Samson: Revenge Comes Back to Bite (Judges 15:1-8)

Be-StrongDo you live by the motto,  “I don’t get mad, I get even!”  The passion to get even seemed to govern Samson’s life. His motto was, “As they did unto me, so have I done unto them” (15:11). I realize that as the defender of Israel, Samson’s calling was to defeat the enemy; but you long to see him fighting “the. battles of the Lord” and not just his own private wars. When David faced the Philistines, he saw them as the enemies of the Lord and sought to honor the name of the Lord in his victory (1 Sam. 17). Samson’s attitude was different.

As Christ followers, we need to beware of hiding selfish motives under the cloak of religious zeal and calling it “righteous indignation.” Personal vengeance and private gain rather than the glory of the Lord has motivated more than one “crusader” in the church. What some people think is godly zeal may actually be ungodly anger, fed by pride and motivated by selfishness. There is a godly anger that we should experience when we see wickedness prosper and defenseless people hurt (Eph. 4:26), but there’s a very fine line between righteous indignation and a “religious temper tantrum.”

Samson sought revenge for:

 His ruined marriage (vv. 1-5). Although he had never consummated the marriage, Samson thought he was legally married to the woman of Timnah. Therefore, he took a gift and went to visit her in her father’s house. How shocked he was to learn that not only was he not married, but also the woman he loved was now married to his best-man! Samson had paid the legal “bride price” for his wife, and now he had neither the money nor the wife.

Samson was angry, and even the offer of a younger and prettier bride didn’t appease him. If anybody should have been punished, it was his father-in-law. He was the real culprit. After all, he took the money and gave the bride away— to the wrong man! But Samson decided to take out his anger on the Philistines by burning up the grain in their fields.

The word translated “foxes” also means “jackals,” and that’s probably the animal that Samson used. Foxes are solitary creatures, but jackals prowl in large packs. Because of this, it would have been much easier for Samson to capture 300 jackals; and no doubt he enlisted the help of others. Had he tied the firebrands to individual animals, they each would have immediately run to their dens. But by putting two animals together and turning them loose, Samson could be fairly sure that their fear of the fire and their inability to maneuver easily would make them panic. Thus they would run around frantically in the fields and ignite the grain. The fire then would spread into the vineyards and olive groves. It was a costly devastation.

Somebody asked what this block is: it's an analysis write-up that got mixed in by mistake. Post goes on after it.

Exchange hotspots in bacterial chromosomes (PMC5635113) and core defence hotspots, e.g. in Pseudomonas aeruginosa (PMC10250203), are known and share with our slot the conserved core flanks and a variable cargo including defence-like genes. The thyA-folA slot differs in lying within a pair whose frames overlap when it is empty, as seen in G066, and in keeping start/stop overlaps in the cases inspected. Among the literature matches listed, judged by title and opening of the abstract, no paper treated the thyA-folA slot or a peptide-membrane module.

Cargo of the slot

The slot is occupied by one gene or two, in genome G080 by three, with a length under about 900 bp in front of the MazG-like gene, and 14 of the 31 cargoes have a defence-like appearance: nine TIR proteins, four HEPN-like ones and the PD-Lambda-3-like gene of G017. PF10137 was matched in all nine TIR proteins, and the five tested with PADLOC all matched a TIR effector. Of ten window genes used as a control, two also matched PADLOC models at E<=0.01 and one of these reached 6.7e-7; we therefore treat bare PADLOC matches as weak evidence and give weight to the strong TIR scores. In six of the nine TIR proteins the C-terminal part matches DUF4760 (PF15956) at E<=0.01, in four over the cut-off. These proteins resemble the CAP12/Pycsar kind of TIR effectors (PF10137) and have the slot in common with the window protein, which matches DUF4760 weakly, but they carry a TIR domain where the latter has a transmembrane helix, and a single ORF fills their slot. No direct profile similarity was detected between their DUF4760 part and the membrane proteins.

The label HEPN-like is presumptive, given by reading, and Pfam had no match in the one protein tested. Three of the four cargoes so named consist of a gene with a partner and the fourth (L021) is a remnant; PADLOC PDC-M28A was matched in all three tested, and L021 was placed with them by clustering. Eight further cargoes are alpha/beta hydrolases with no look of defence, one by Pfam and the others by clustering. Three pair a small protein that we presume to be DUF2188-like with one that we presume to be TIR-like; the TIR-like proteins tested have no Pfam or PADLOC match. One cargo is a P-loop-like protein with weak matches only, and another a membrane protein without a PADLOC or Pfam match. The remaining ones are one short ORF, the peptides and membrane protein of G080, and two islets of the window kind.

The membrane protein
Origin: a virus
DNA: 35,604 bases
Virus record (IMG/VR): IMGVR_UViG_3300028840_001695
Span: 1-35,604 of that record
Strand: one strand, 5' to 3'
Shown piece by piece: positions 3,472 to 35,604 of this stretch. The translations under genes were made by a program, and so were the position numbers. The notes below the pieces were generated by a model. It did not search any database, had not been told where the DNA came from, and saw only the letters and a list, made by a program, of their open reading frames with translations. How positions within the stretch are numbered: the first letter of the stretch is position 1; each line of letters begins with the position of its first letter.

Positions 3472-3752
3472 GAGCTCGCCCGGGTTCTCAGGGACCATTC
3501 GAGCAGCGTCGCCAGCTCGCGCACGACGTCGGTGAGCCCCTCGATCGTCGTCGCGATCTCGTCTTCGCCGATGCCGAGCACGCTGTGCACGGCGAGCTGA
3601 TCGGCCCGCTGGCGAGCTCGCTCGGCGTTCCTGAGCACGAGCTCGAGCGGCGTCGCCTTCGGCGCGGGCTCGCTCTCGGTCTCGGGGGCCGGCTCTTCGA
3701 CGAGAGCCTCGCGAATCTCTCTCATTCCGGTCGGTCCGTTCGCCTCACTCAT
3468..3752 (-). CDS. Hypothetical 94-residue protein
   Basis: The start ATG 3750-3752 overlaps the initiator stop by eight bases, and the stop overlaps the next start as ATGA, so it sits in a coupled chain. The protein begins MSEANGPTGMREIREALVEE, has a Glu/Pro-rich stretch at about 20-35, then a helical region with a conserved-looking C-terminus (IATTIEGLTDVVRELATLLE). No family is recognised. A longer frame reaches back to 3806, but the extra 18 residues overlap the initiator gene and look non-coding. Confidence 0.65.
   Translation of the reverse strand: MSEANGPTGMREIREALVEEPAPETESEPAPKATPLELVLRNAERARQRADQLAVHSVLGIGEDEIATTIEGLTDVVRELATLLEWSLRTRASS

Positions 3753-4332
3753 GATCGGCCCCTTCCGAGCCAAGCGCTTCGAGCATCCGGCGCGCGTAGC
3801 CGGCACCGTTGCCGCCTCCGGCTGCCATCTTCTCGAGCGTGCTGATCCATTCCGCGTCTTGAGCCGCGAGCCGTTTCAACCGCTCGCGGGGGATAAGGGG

Why he chose to destroy the Philistine’s crops in such a strange manner isn’t clear to us. If others were helping him, Samson could attack several fields at the same time; and the Philistines, unable to see the animals on the ground, would be alarmed and confused, wondering what was causing the fires. The jackals would undoubtedly make a racket, especially if caught in the rushing flame or overwhelmed by the smoke. His riddle and his rhyme (15:16) indicate that Samson had a boyish sense of humor, and perhaps this approach to agricultural arson was just another fun time for him. However, we must keep in mind that God was using Samson’s exploits to harass the Philistines and prepare them for the sure defeat that was coming in a few years.

Samson also sought revenge for:

His wife’s death (vv. 6-8). Violence breeds violence, and the Philistines weren’t about to stand around doing nothing while their food and fortune went up in flames. They figured out that Samson was behind the burning of their crops, and they knew they had to retaliate. Since they couldn’t hope to overcome Samson, they did the next thing and vented their wrath on his wife and father-in-law. In the long run, her betrayal of Samson didn’t save her life after all (14:15).

Samson’s response? “Since you’ve acted like this, I won’t stop until I get my revenge on you” (15:7, NIV). We don’t know how many Philistines he killed or what weapons he used, but it was “a great slaughter.” Following the attack, he retreated to a cave in the “rock of Etam,” some elevated place in Judah, near Lehi, from which Samson could safely and conveniently watch the enemy.

* Life Application:   Samson’s reply in Jdg 15:11 tells the story of this chapter: “I merely did to them what they did to me.” Revenge is an uncontrollable monster. Each act of retaliation brings another. It is a boomerang that cannot be thrown without cost to the thrower. The revenge cycle can be halted only by forgiveness.

We can be strong with God’s help.



Bible Exposition Commentary (BE Series) – Old Testament

Life Application Bible Notes



About dkoop

Lead Pastor of Upwards Church: Leander & Jarrell, TX
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2 Responses to Samson: Revenge Comes Back to Bite (Judges 15:1-8)

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